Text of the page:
Publiceret: 17.05.2018Af Jeppe Bo Rasmussen mail
Uncertainty about Brexit continues to reign.
There is less than a year until the UK leaves the EU, and although recent months have seen progress in negotiations, the outcome remains wholly unpredictable.
But CEO of Toppac, Søren Mark Andersen, has a strategy for future-proofing the company’s exports when the UK leaves the EU on 29 March, 2019.
“We have already started cultivating other markets in the EU, and we see particularly good opportunities in Germany. 90% of our production is exported, and transport costs are important in our field, so it is necessary to grow in neighbouring markets,” explains Søren Mark Andersen.
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But the UK plays a critical role in Toppac’s future. The company is therefore also searching for ways to maintain their position in the market.
“A large part of our revenue is made in the UK. We sell our packaging products to the British food industry and have sales in British pounds. In order to keep prices stable for our clients, we have borne the losses caused by the pound’s fall,” says Søren Mark Andersen.
The British food industry is among the world’s most innovative. Hence, Toppac has also considered expanding by investing in local production, but Brexit means that the company has put its British plans on hold for now. Their continued presence in the UK is, however, necessary.
“Our turnover in the British market has fallen markedly, but we are maintaining our focus on the market because our cooperation with British clients is important for our innovation and development,” says Søren Mark Andersen.
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Toppac’s 30 employees and several robots keep production going around the clock, 360 days a year. T
his means that Søren Mark Andersen can still keep up with British competitors, even though they benefit from both the pound’s fall and lower wage and transport costs. He hopes to be able to maintain and expand his market share – also when Brexit becomes a reality.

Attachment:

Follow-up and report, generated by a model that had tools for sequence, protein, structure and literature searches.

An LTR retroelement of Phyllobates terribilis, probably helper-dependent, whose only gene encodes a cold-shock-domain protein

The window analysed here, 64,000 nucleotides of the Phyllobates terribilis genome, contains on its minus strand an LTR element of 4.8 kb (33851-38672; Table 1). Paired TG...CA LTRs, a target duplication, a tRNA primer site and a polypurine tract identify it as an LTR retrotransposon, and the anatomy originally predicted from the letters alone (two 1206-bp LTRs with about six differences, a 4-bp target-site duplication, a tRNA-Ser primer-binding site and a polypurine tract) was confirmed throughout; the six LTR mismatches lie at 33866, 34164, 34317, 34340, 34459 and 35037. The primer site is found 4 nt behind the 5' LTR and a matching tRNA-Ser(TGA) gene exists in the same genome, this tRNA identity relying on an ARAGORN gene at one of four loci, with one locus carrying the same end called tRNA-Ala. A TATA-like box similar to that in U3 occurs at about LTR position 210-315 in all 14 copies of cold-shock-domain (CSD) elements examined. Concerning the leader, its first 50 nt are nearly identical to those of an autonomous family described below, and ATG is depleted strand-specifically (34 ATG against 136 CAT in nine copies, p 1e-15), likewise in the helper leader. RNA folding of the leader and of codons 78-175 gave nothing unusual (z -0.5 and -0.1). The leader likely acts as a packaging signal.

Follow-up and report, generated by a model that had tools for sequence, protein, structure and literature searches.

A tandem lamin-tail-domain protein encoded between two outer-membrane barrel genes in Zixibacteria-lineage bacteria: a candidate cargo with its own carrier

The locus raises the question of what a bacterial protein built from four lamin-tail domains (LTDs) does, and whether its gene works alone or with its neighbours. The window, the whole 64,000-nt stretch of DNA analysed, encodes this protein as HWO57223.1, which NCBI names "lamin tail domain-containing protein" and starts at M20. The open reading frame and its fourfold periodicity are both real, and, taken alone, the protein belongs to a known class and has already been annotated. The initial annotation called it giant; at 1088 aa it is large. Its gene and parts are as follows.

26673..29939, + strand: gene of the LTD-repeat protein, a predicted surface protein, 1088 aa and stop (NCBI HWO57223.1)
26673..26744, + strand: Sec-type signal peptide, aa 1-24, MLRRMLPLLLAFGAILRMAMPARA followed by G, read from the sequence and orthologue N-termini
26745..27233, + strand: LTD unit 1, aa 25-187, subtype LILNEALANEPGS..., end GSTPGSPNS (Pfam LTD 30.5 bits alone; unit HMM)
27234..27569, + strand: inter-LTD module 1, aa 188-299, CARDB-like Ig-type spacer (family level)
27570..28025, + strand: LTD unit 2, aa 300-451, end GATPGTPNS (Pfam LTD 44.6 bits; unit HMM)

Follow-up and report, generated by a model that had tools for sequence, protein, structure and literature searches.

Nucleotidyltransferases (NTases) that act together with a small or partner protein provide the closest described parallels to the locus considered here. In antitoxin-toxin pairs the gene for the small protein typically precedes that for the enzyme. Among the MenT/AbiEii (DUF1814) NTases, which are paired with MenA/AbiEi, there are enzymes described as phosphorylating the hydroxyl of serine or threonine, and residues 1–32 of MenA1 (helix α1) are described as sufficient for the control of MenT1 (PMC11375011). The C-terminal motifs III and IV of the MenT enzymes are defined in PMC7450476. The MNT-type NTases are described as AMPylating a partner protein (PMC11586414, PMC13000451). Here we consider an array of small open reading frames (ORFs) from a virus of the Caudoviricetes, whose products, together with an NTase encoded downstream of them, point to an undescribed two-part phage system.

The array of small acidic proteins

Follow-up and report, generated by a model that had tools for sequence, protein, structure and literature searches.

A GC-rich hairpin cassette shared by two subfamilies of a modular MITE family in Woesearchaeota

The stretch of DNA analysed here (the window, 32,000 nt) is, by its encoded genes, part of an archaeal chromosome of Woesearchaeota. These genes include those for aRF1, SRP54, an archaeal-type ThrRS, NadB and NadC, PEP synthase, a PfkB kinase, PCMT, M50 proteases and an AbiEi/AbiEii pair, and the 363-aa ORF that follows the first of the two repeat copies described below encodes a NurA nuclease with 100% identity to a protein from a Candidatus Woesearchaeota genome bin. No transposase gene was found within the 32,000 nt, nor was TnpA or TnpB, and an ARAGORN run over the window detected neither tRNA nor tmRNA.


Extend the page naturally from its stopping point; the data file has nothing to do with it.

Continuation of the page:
“We are just waiting for political resolution so we can gain clarity about the development of the British economy and our future market access. When this happens, I also think the pound will stabilise at a slightly higher level,” says Søren Mark Andersen.
Toppac is far from the only Danish company that must arm itself with patience. In recent months, there has been progress in negotiations regarding the actual divorce between the EU and the UK as well as a possible transition phase, which would allow the UK to remain in the single market until the end of 2020, despite formally leaving the EU on 29 March, 2019.
But this does not convince Søren Holm Johansen, Group Executive Director at consultancy company Rambøll, which has 1,300 employees in the UK.
“We see that general insecurity regarding the future of the British economy means that private investment is falling, which results in less construction activity. The UK has therefore already become a less attractive market for us, and we are looking at other markets in which to expand our business,” says Søren Holm Johansen.